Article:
CaliSkier, Nice overview of that particular 9-11 U.S. Mint silver memorial medal program – the most important one in Mint history. Along with the separate designs of the bronze 9-11 Mint medals too. I bought 5 of each of the silver & bronze medals for me & my 4 nephews & taught them about the importance of never forgetting those terrorist attacks & explained to them exactly what happened & the significance of that fateful day on Tuesday, September 11, 2001. I will never forget, and they will not either thanks in part to those beautiful medal tributes. Thanks CaliSkier,… Read more »



I’ll never forget this day as I remember where I was when the first plane hit the tower and then the realisation that this wasn’t an accident immediately after the second jetliner slammed into the other tower. I can’t believe 22 years have passed since that fateful day. Is anyone else feeling old? My thoughts and prayers are for the remaining family/friends of all those taken from us on that day.


Major D

CaliSkier, I remember it was a crisp, cloud-free blue-sky morning with the feel of an early Fall season. I was 30 miles from the Pentagon that day. I can close my eyes and time travel as it is all still quite vivid in my mind. A horrendous assault on our country unfolded. We should all remember (or learn for those too young or not yet born) what happened, how we all came together, and what still unites us all as Americans. As to the medals, I was able to buy five of the W-mint on Ebay (in OGP w COA)… Read more »

Chris Terp

Subscribed for one Marine silver medal.

9/11 was a tough day here in Washington, D.C. And the days following where tense too. Military Humvees and troops on many street corners w/firearms at the ready. Not a pleasant sight seeing this in downtown D.C. My office was 3 blocks north of the White House so thank goodness the aircraft didn’t hit there.

Major D

Chris, I was just 2 miles from Dulles Airport when planes were being grounded, and Flight 93 was still in-bound, thought to be headed towards the capitol and Air Force planes were scrambled to intercept.

I remember later watching the hearings on TV when Condoleeza Rice testified that no one could have foreseen terrorists using jet planes as weapons, and yet Hollywood had done just that five years earlier with the movie “Executive Decision” in 1996.

Chris Terp

I lived in Great Falls, VA at the time and it sure was quiet for the next three days w/no flights going into/out of Dulles Airport.

Yep, USG caught w/their pants down on 9/11. Politicians have answers for everything. Of course it will most likely be an answer you don’t want to here or not even answer the query but it satisfies the press and the politicians allies.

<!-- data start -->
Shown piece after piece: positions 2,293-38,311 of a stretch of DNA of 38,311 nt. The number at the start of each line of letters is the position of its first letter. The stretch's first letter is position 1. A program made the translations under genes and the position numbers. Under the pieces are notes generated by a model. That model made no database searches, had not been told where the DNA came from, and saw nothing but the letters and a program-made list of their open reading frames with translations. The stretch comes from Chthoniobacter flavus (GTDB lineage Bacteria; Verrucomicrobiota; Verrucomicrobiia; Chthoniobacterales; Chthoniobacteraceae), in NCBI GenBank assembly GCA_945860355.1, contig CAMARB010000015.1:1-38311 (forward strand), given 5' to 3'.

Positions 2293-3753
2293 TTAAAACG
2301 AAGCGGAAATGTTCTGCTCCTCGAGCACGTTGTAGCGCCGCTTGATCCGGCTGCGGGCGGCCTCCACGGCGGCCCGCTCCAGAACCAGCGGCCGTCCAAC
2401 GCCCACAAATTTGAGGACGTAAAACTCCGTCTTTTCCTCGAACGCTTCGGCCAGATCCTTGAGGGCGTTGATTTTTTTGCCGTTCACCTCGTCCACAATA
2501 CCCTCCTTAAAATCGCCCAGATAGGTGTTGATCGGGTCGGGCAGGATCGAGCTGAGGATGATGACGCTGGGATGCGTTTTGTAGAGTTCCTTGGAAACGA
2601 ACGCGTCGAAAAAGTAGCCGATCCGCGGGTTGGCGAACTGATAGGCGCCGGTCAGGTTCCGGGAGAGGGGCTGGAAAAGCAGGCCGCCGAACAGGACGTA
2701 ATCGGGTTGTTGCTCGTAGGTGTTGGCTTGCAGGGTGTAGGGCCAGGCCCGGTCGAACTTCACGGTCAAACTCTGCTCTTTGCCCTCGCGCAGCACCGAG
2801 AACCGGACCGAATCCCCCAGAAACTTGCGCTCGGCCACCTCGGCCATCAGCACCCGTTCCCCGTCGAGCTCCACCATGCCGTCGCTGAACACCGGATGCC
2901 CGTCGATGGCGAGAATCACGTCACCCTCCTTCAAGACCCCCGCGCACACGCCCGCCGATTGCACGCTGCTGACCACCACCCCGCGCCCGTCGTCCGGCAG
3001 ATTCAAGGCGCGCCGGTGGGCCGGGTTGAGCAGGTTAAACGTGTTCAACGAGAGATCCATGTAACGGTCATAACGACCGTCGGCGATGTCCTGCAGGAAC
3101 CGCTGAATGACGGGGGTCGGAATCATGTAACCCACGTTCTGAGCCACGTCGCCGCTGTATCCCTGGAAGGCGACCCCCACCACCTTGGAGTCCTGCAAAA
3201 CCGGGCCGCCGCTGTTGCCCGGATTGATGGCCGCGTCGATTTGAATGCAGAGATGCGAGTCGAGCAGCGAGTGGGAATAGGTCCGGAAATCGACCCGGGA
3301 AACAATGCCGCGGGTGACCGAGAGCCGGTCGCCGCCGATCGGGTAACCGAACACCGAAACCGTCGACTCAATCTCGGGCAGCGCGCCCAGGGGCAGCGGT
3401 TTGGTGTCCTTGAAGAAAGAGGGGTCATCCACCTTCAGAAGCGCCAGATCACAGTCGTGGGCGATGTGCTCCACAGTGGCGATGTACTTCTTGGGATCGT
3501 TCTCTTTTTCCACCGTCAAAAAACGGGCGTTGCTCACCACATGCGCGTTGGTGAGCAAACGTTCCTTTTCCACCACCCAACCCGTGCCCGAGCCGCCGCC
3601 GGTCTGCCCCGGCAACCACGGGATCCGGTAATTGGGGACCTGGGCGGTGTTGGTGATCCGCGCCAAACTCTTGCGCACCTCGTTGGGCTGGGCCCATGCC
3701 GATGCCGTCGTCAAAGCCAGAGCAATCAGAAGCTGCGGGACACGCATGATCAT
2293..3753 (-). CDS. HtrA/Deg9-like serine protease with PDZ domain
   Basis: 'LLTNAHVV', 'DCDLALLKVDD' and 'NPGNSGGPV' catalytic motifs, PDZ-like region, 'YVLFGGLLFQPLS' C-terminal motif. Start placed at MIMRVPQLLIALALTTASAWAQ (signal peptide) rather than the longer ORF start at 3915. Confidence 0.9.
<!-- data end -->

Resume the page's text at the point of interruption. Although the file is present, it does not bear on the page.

Frankie Fontaine

Well, at least the Mint stopped depicting the military shooting always LEFT HANDED Rifles……overpriced

Major D

Frankie, surely you jest. It would make for a clever quip if it were true. I could only find one example out of 7 that I saw:
1993 (1991-1995) WW II commemorative: Right-hand trigger;
2002 West Point commemorative (At the left march): position for Right-hand trigger;
2011 Army gold commemorative: Right-hand trigger
2012 Infantry commemorative: Left-hand carry for Right-hand trigger;
2022 Marine medal: Right-hand trigger;
2023 Army medal: Right-hand trigger.
The only one I could find with Left-hand trigger was the 2018 WW I commemorative. If you know of others, please share.


Left-handed or right-handed – why nitpick the details. The main objective is hitting the target not which hand is used to pull the trigger. Are you concerned whether a pilot is left-handed or right-handed? I thought this forum was about coins.

Major D

JWP, I was responding to Frankie’s assertion that the Mint depicted the “military shooting always LEFT HANDED Rifles”. Did you not see that comment? I happen to agree with you as to real life- it doesn’t matter. However, it is in fact coin related to discuss what’s on the coins, is it not? If nothing else, numismatics is about details. Did you not happen to see the discussion on the 2023 Lincoln cent/penny with the extra “V” next to the v.d.b initials on the coin? Now, how’s that for being a nitpick error/detail?

Jeff Legan

I myself was a bit puzzled by JWP replying to you instead of to Frankie Fontaine, Major D.